Too often, we have been guilty of spending too much time staying digitally connected, listening, reading, viewing, writing or updating  our various social network accounts. We woo people to like, follow, and join our social media pages, blogs and sites, and to add us as friends. We post videos, pictures and text to attract attention and to draw the crowd.

Spending time online is nothing wrong, but spending too much of our time online is. If we are neglecting or missing out the more important things in life because of time spent online, we need help. Whether we are using a computer, laptop, tablet, smartphone or another device to connect to the Internet, we need to stamp down addiction or obsession. A good practice and alternative solution to the collar guard is to regularly take time off to eschew digital activity and use that time for more meaningful social interaction with our loved ones, friends and others.

Are we finding ourselves hooked for extended hours online? Are we oblivious to our surroundings at times when connected to the digital world? Do we feel restless without our smartphone or digital device in hand? If our answer to these questions is affirmative, it means it is time for us to go on a digital detox.

The Bible warns us not to be conformed to this world, but be transformed by the renewing of our minds, so we might prove what the will of God is, that which is good, acceptable, and perfect (Romans 12:2). We may say we have the right to do anything, but we need to know not all things are beneficial (1 Corinthians 10:23). Rather than give in to the desires of the eyes or of the flesh or to boastful pride of life, let us  submit ourselves to God, resist the devil and he will flee from us (1 John 2:16; James 4:7).

Dear Lord, forgive us for sometimes succumbing to the allures of this world in our desire to be known or to feel wanted. Help us make time to go on a detox regularly, so we might learn restrain and not become hooked, addicted or obsessed. We know by our own will and effort, we cannot overcome our boastful pride or the desires of the eyes or flesh, so we submit ourselves to You. Grant us Your strength that we might be overcomers and not be conformed to this world, but be transformed by the renewing of our minds that we might prove Your will is good, acceptable and perfect.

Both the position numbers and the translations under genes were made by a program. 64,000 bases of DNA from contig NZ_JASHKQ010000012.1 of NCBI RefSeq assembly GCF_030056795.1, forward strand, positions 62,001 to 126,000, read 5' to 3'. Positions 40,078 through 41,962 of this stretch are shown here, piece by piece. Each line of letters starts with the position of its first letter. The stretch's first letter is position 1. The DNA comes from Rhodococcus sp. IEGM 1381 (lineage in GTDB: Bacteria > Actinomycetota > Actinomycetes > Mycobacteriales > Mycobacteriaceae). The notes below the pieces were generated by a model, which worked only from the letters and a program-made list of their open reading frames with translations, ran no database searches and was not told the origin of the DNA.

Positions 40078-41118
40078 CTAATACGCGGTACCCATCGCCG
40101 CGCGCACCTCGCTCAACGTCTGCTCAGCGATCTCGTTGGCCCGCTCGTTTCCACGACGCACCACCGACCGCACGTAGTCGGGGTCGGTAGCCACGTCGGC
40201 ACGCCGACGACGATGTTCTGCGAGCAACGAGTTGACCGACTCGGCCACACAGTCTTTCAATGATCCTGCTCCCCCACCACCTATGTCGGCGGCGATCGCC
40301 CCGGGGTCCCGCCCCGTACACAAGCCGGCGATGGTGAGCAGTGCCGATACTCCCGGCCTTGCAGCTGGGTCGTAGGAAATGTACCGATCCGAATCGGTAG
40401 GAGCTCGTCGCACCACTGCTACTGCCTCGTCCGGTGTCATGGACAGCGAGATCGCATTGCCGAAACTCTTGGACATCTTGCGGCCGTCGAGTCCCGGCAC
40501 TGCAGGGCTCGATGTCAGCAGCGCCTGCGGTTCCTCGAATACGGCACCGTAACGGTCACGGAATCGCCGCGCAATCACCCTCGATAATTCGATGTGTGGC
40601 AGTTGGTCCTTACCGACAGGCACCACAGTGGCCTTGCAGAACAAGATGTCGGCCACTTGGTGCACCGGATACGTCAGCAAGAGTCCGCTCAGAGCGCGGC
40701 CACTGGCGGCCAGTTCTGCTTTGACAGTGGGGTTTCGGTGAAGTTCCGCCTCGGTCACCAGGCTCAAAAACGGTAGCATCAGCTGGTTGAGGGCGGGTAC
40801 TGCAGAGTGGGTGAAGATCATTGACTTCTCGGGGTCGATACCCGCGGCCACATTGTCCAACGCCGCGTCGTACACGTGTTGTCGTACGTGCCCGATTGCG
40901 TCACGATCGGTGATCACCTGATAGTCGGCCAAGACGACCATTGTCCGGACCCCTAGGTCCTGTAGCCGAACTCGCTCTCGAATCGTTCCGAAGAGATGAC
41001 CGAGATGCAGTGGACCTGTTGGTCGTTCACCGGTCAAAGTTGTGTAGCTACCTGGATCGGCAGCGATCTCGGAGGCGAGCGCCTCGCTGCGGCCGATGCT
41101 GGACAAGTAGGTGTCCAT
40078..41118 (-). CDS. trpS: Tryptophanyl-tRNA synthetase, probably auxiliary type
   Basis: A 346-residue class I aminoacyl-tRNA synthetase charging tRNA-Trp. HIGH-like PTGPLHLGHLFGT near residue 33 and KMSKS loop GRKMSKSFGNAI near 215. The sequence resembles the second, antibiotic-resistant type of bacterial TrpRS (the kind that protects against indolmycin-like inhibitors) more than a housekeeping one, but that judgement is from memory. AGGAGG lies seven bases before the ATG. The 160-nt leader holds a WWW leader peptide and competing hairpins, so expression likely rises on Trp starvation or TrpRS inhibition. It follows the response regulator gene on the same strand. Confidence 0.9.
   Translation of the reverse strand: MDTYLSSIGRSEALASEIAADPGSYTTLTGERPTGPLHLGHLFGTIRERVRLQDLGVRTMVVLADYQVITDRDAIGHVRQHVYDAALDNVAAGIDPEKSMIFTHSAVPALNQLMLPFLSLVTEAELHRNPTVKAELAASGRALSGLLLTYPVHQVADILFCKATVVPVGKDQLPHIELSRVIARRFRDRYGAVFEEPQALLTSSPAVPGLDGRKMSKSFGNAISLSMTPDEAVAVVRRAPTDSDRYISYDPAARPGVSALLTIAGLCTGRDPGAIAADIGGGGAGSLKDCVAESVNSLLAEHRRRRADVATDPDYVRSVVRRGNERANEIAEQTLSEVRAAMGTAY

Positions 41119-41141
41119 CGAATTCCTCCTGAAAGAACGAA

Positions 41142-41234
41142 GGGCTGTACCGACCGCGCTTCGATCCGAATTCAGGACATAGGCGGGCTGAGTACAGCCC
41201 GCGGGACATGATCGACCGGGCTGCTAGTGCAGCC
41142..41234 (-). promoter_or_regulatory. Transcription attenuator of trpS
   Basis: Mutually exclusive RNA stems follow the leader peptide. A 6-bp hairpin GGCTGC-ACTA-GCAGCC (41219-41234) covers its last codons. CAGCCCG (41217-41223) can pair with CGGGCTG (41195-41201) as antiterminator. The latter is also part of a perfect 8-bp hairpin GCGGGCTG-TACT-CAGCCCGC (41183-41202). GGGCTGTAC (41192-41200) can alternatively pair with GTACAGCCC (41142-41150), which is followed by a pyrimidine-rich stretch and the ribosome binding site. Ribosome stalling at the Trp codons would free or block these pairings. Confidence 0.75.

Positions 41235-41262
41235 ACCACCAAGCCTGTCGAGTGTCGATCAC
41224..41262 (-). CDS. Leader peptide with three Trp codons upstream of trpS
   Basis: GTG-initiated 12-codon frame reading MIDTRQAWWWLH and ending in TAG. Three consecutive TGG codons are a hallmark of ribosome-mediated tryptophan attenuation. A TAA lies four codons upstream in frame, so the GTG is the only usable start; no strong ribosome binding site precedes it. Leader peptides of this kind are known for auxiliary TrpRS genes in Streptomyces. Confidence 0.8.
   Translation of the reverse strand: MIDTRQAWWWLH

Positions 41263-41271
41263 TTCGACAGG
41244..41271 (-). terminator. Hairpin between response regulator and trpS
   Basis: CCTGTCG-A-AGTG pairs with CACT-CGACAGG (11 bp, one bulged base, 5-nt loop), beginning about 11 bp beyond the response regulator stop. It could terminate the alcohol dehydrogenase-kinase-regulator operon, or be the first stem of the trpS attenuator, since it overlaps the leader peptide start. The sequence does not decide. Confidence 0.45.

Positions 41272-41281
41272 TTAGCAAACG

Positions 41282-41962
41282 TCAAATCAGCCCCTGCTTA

Friday, May 2, 2014

Wi-Fi Trivial

Do all things without grumbling or disputing; so that you will prove yourselves to be blameless and innocent, children of God above reproach in the midst of a crooked and perverse generation, among whom you appear as lights in the world, (Philippians 2:14-15 NAS)

Wi-Fi Trivial
My wife and I visited the Holy Land in December 2013. Among the first things we observed about the people in the group we were traveling with was whenever we arrived at the hotel, a number of them would immediately ask about the availability of Wi-Fi. Depending on the revelation, we would hear sighs of relief or disappointment. Thankfully, most of the hotels we stayed in had Wi-Fi. During the few days of snow storm, many of us depended on the Wi-Fi to help us pass the time. Not all the hotels we stayed in, however, had Wi-Fi in the rooms. When that happened, we would hear grumblings and on occasions observe some expressions of unhappiness. On a day when the Wi-Fi signal was weak, we would also hear conversations about the problem during dinnertime.

In an affluent society, we sometimes tend to take for granted what we have and complain about things that are trivial. We are unhappy when our laptop or computer hangs on us. We are unhappy when Wi-Fi is not available at a time we need it. We are unhappy when something we wish to purchase is sold out or taken off the shelf. We are unhappy to have to wait in line or for the traffic signal to turn green. We are unhappy our goals are taking longer to achieve than we expect. We are unhappy with many things and with people who keep us in check.

Some time ago, a charitable organization, Water is Life, featured in an ad campaign, Haitian children and adults reading the ‘complaints’ of first world problems.

“I hate it when my house is so big, I need two wireless routers,” said a man standing in front of a dilapidated house.

“I hate when I tell them no pickles, and they still give me pickles,” said a boy standing among pigs and chickens.

Nearing the end of the one-minute video entitled ‘First World Problems Anthem,’ a message in text was displayed: #FirstWorldProblems Are Not Problems.

Are we among those who grumble and complain about trivial problems, such as the inconveniences in life? Do we ever give some thought to the needs of the people around us or to those in the third world? Are we thankful and grateful for the things we have which God has given us?

The Bible urges us to give thanks in everything and in all circumstances be thankful to show gratitude (1 Thessalonians 5:18; Hebrews 12:28). It also exhorts us to do all things without grumbling or arguing, so that we may prove ourselves blameless and innocent, children of God above reproach in the midst of a crooked and perverse generation. Like the stars in the sky, we will then shine among them as we hold fast to the word of life and on the day of Christ have reason to rejoice because our toil is not in vain (Philippians 2:14-16).

Thank You, dear Lord, for meeting our many needs. Forgive us, Lord, for sometimes taking for granted what You have given us and for grumbling over trivial matters. Open our eyes, Lord, to see beyond our problems, the problems of others too and examine ourselves to know if we have been reasonable. Move our hearts, Lord, to love and care for those in need and to cheerfully give. Place within us, hearts that are willing to do all things without grumbling, complaining, disputing or arguing, Lord, so that we might be found blameless and innocent, above reproach in this crooked and perverse generation. Shine through us, Lord, that the world might see Your light and salvation as we hold fast to Your word of life and look forward to the day of Your return.